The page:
My friend’s son went off to college in Louisiana. His sophomore English teacher asked the class what product comes from sheep.“Cotton?” his fellow student answered. At least he didn’t answer grapes.
I don’t excuse the teacher for asking such a kindergarten question, but the answer clearly indicates that there is a vast divide between the American public and the agricultural productes they consume.Even for those of us who live in the heart of agribusiness most of the time when we drive past fields of crops all we see are crops. Fruit, nuts, cotton, corn and others quietly, stealthily growing. No people.Yesterday as my friend Connie and I drove back to her home from our lunch at Orange Works, we passed a grape field teaming with activity. Cars lined both sides of the streets parallel parked neatly in the dirt. I had to stop the car and see if these folks would let me take pictures of them working.They were all so gracious. They kept working as they smiled at me. I didn’t want to disturb them for long, or to ask many questions, but I thought you might enjoy seeing them at their task of insuring that you have grapes to purchase at the store. The weather was perfect at just past 1:00, the temperature was still in the 80s, maybe creeping up to the low 90s, but bearable. The dusty air was still, and the workers chatted quietly or did not talk at all as they weighed out the three bunches of grapes to fill each plastic sack. They did not seem hurried or frantic as they packed the sacks of fruit into boxes, carefully arranging them so that the sweet, plump, green orbs were as comfortable lying in their new bed as my puppy is in her bed on the bed.Connie, who grew up here in the Central Valley, told me that the rows of grape plants had white plastic over them to keep the grapes from blistering in the hot sun, and to keep birds from beating humans to the sweet treat.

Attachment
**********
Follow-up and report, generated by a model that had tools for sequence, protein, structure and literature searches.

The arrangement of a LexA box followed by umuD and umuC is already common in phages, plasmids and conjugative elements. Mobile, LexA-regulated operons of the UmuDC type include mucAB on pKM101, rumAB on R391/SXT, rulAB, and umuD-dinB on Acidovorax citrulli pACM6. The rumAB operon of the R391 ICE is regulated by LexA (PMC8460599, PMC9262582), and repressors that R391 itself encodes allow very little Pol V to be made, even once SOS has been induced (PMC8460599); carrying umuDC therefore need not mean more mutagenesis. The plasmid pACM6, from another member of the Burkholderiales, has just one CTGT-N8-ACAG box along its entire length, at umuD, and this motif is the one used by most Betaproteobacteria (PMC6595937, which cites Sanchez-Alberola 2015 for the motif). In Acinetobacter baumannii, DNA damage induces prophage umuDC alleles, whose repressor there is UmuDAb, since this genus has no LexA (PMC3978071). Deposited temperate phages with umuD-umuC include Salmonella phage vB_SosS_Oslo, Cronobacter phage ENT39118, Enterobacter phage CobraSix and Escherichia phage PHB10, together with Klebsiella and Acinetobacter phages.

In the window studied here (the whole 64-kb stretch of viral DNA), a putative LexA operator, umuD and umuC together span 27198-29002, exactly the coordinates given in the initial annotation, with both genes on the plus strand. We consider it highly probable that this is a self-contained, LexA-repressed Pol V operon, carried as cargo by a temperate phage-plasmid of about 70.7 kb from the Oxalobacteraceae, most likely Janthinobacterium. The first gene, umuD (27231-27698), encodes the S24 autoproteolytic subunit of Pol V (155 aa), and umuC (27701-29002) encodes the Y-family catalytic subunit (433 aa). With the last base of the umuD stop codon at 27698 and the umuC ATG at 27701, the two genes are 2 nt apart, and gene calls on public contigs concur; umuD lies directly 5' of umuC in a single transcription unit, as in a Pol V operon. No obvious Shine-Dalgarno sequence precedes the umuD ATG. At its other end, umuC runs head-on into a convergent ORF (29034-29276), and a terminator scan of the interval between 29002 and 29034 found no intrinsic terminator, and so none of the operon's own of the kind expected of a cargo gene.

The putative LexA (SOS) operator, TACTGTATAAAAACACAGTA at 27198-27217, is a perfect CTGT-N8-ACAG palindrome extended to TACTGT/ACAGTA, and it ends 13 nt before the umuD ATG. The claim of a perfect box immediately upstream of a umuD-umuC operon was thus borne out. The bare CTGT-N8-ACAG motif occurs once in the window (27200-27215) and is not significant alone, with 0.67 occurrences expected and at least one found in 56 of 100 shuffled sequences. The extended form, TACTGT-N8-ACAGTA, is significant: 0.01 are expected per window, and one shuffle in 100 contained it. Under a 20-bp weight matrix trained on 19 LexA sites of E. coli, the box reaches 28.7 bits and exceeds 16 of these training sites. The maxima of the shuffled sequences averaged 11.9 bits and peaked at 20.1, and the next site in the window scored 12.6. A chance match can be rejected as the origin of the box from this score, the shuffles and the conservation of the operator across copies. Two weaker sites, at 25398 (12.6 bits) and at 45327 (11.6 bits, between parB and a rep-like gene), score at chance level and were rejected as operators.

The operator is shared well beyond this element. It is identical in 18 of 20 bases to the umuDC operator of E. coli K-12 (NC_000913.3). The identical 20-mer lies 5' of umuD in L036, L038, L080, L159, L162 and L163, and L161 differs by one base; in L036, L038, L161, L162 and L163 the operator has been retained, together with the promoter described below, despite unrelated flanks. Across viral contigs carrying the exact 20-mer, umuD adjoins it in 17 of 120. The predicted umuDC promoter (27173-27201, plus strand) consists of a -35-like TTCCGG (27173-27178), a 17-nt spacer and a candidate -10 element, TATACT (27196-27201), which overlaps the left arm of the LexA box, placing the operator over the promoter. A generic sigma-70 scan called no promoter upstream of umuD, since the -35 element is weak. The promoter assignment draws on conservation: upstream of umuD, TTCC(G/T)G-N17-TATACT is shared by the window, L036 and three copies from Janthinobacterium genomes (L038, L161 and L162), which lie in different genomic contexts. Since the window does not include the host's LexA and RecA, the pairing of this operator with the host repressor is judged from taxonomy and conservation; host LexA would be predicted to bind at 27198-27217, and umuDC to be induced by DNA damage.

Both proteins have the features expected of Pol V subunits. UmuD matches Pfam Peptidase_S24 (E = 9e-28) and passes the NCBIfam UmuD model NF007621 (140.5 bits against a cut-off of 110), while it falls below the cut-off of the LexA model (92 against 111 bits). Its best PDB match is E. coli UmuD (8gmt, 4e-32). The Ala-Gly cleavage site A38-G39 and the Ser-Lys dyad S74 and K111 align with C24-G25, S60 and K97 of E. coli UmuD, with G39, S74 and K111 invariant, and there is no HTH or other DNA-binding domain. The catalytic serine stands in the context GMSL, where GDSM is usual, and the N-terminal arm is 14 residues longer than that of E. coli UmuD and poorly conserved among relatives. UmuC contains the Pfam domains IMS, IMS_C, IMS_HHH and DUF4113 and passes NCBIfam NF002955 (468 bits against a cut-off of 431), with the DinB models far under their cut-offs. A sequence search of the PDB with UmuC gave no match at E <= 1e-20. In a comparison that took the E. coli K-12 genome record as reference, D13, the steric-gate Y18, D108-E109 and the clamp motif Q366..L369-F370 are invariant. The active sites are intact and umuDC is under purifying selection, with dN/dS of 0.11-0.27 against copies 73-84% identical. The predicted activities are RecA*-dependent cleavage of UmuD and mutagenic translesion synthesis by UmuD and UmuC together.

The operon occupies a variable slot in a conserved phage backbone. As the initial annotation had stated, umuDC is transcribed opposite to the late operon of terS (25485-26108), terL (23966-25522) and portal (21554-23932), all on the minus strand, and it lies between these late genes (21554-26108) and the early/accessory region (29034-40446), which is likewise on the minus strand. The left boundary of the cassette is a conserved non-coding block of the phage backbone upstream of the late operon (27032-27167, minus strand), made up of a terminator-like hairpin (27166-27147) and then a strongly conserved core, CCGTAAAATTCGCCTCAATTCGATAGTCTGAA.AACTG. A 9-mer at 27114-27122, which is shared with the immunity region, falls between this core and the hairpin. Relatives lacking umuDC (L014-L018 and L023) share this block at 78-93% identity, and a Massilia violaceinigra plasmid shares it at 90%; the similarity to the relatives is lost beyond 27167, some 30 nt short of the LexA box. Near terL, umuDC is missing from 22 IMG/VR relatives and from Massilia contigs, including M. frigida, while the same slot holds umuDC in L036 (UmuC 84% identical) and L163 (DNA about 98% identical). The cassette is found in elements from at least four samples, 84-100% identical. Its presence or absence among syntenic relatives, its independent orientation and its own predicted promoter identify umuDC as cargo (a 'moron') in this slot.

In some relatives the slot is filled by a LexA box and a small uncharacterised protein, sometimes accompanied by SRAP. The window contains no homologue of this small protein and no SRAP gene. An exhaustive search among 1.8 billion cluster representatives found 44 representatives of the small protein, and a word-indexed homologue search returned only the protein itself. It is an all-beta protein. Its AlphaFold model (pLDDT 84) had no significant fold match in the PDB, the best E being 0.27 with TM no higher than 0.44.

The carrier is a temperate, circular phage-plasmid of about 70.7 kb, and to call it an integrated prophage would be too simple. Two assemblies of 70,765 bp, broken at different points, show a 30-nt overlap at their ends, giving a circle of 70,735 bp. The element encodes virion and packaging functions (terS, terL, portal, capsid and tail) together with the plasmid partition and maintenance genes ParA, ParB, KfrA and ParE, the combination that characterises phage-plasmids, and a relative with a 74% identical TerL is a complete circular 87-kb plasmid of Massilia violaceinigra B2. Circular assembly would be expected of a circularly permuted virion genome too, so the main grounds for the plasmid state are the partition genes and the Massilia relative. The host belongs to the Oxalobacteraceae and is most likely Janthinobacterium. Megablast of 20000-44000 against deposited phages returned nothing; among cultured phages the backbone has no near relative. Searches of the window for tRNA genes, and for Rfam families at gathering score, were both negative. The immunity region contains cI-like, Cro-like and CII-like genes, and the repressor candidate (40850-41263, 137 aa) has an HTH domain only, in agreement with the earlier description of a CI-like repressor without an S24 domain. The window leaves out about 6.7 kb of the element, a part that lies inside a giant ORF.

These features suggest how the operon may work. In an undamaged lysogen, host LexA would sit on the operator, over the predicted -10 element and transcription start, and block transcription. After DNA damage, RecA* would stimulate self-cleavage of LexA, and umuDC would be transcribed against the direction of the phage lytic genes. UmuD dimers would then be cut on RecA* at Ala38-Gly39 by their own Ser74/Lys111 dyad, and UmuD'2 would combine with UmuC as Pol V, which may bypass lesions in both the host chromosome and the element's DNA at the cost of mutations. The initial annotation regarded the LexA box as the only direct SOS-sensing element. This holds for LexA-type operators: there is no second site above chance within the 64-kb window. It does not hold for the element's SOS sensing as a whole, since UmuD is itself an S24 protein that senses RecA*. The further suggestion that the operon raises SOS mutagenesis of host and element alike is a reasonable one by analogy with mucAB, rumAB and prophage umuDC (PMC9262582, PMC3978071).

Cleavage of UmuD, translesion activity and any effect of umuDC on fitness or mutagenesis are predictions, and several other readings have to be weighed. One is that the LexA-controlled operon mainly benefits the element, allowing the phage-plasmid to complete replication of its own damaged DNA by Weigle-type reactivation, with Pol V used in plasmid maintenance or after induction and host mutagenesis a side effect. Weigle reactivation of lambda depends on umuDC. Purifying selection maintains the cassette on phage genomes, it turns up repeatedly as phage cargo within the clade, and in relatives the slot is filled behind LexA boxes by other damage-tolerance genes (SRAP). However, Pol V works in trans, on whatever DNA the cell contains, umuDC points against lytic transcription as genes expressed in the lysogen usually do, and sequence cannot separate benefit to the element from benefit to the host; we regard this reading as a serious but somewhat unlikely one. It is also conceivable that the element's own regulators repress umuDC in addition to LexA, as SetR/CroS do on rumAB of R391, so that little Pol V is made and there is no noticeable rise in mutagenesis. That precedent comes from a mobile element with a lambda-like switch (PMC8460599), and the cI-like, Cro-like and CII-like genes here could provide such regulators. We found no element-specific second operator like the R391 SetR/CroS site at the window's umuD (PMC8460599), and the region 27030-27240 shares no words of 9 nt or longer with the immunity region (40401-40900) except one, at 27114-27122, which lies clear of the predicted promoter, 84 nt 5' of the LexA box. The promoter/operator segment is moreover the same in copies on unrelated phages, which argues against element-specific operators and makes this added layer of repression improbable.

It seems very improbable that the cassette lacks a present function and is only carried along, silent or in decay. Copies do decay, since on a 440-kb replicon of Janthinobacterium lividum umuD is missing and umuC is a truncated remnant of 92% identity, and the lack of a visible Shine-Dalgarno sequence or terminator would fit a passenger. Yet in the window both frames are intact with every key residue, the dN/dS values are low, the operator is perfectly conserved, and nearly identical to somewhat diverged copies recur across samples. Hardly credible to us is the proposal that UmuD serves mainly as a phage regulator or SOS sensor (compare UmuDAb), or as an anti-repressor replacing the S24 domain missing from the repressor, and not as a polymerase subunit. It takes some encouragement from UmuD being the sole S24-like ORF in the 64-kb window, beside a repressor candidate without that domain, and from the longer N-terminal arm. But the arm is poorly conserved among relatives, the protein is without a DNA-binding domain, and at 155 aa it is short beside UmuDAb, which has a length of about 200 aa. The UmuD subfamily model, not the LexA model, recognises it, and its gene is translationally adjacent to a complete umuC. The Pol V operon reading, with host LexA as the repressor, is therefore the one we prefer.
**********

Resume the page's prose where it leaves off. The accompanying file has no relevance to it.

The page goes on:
I remembered way back to when my family had just moved west to Oregon. It was August, 1967, and on the 30th of that month, the grape harvesters in Delano had just won a great victory. They were allowed to have a union represent them. They started to strike. As we entered the grocery store in Portland, Oregon, a mass of people clustered around the entrance to Safeway pressing fliers into our hands and entreating with us not to buy grapes or uvas, as they called them. As a rebellious teenager, I didn’t want to be told not to do anything. I probably asked my mom for grapes even though I could take them or leave them – I preferred a 100% diet of chocolate ice cream, and weighed slightly over 100 pounds then, so felt justified in eating chocolate over grapes any day. I don’t remember what we did, I just remember being indignant at being accosted by strikers, and thinking how different shopping was in the West compared to shopping in Indianapolis. Little did I know at the time what a huge impact that strike had nationally.
At our California Council for the Social Studies CCSS Conference in March 2013 we will honor the 50 year anniversary of the Birmingham marches for civil rights. At the same time we will honor the reflection of those times in our own area – the marches and strikes for minimum wages and safer working conditions for agricultural workers.
So the next time you pop a healthy grape into your mouth instead of a spoonful of chocolate sundae, I hope you will consider the kind workers helped bring that table grape to you. AND to any city slickers like my former self, PLEASE DON’T EVER TELL any professor that grapes – or cotton – come from SHEEP!